This scarce antiquarian book is included in our special Legacy Reprint Series. In the interest of creating a more extensive selection of rare historical book reprints, we have chosen to reproduce this title even though it may possibly have occasional imperfections such as missing and blurred pages, missing text, poor pictures, markings, dark backgrounds and other reproductThis scarce antiquarian book is included in our special Legacy Reprint Series. In the interest of creating a more extensive selection of rare historical book reprints, we have chosen to reproduce this title even though it may possibly have occasional imperfections such as missing and blurred pages, missing text, poor pictures, markings, dark backgrounds and other reproduction issues beyond our control. Because this work is culturally important, we have made it available as a part of our commitment to protecting, preserving and promoting the world's literature....
|Title||:||Brooke's Romeus and Juliet: Being the Original of Shakespeare's Romeo and Juliet|
|Number of Pages||:||238 Pages|
|Status||:||Available For Download|
|Last checked||:||21 Minutes ago!|
Brooke's Romeus and Juliet: Being the Original of Shakespeare's Romeo and Juliet Reviews
I actually didn't finish it but let me rant for a second.In the prologue Brooke warns the reader that this is the story of two idiots getting themselves killed because they disobeyed their amazing parents and dared rebel against traditions and social norms that are too pure and good to be questioned. So basically this dude is the early modern equivalent of those idiots who teach Romeo and Juliet as a cautionary tale against... what? Against freedom? Whatever. I HAVE A LOT OF PROBLEMS WITH THIS PARTICULAR READING OF THE PLAY, so bear with me for a moment.If you want to call them dumb for rebelling against the tyranny of their parents, go ahead. But that makes you pretty much a fucking horrible person. Brooke is probably horrified by the fact that Juliet burned down the patriarchy and rebelled against her father, gaining her own independence and valuing her own opinions (because the girl has been told from the very beginning of her life that her opinions are less important than those of people around her - all of them older than her, by the way, so you have old people degrading young generations again), and he is also probably horrified by the fact that Romeo refused to be a Man™ and helped Juliet burn down the patriarchy by cursing his own fucking name and dying in the tomb of his wife's family (as I haven't read the whole thing I don't know how much autonomy Romeo gives Juliet, so I'll leave Romeo's sort of "feminist" behavior here). Of course Brooke was horrified by the rebellion of these two kids, who decided they had a right to achieve freedom by themselves and build a whole new identity apart from the feud.What is so interesting about this, though, is that Shakespeare read his prologue and he decided to write a whole play based on this poem, and what does Shakespeare's prologue say? TWO HOUSEHOLDS BOTH ALIKE IN DIGNITY IN FAIR VERONA WHERE WE LAY OUR SCENE FROM ANCIENT GRUDGE BREAK TO NEW MUTINY WHERE CIVIL BLOOD MAKES CIVIL HANDS UNCLEAN FROM FORTH THE FATAL LOINS OF THESE TWO FOES A PAIR OF STAR-CROSSED LOVERS TAKE THEIR LIFE WHOSE MISADVENTURED PITEOUS OVERTHROWS DOTH WITH THEIR DEATH BURY THEIR PARENTS' STRIFE THE FEARFUL PASSAGE OF THEIR DEATH-MARKED LOVE AND THE CONTINUANCE OF THEIR PARENTS' RAGE WHICH BUT THEIR CHILDREN'S END NAUGHT COULD REMOVE IS NOW THE TWO HOURS' TRAFFIC OF OUR STAGE. Which basically means THERE'S A FUCKING CIVIL WAR GOING ON THAT DRAGS EVERYONE DOWN AND TWO CHILDREN DECIDE TO HAVE LOVE IN THEIR LIVES AND THEY DIE AS A CONSEQUENCE OF THE FUCKING VIOLENCE THEIR PARENTS FORCE ON THEM SO YOU GONNA STAY HERE FOR TWO HOURS TO SEE THEM FILL EACH OTHER'S LIVES WITH JOY AND LOVE AND YOU WILL CRY BECAUSE THEY FUCKING DIE BECAUSE THEIR SOCIETY IS TOO SHITTY TO LET THEM LIVE.So, thank you Shakespeare for always glorifying those who are oppressed by society, instead of looking down on them for their revolutionary behavior.And that is how I couldn't focus on Brooke's poetry because of the damn prologue.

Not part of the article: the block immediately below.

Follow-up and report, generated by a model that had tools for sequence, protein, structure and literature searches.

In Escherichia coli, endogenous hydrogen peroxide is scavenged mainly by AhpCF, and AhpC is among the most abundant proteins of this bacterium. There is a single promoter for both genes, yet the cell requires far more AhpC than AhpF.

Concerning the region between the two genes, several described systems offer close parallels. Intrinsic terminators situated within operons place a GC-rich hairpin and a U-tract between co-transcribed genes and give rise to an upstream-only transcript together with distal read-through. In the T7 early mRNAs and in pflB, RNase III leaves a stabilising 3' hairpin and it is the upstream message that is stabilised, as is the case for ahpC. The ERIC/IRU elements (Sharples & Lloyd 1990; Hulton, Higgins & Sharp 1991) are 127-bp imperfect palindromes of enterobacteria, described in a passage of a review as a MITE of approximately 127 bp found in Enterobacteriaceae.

Brooke's beautiful poetry should be studied more, instead of giving Shakespeare credit for the story of Romeo and Juliet. Every line in this 3,000 line poem is iambic, and trying to read prose afterward is difficult; I find myself angry when lines of prose are not iambic.
Read for a Shakespearean era related course and in conjunction with my English History studies.Overall, I found this work of immense interest - a good work for the researcher and enthusiast also.This work may prove to be one of my future resources for ghost authoring novels for E.MH. Ratterman.I found this play's contents inspiring - number rating relates to the book's contribution to my needs.A quick read/skim through.Number rating relates to the book's contribution to my needs.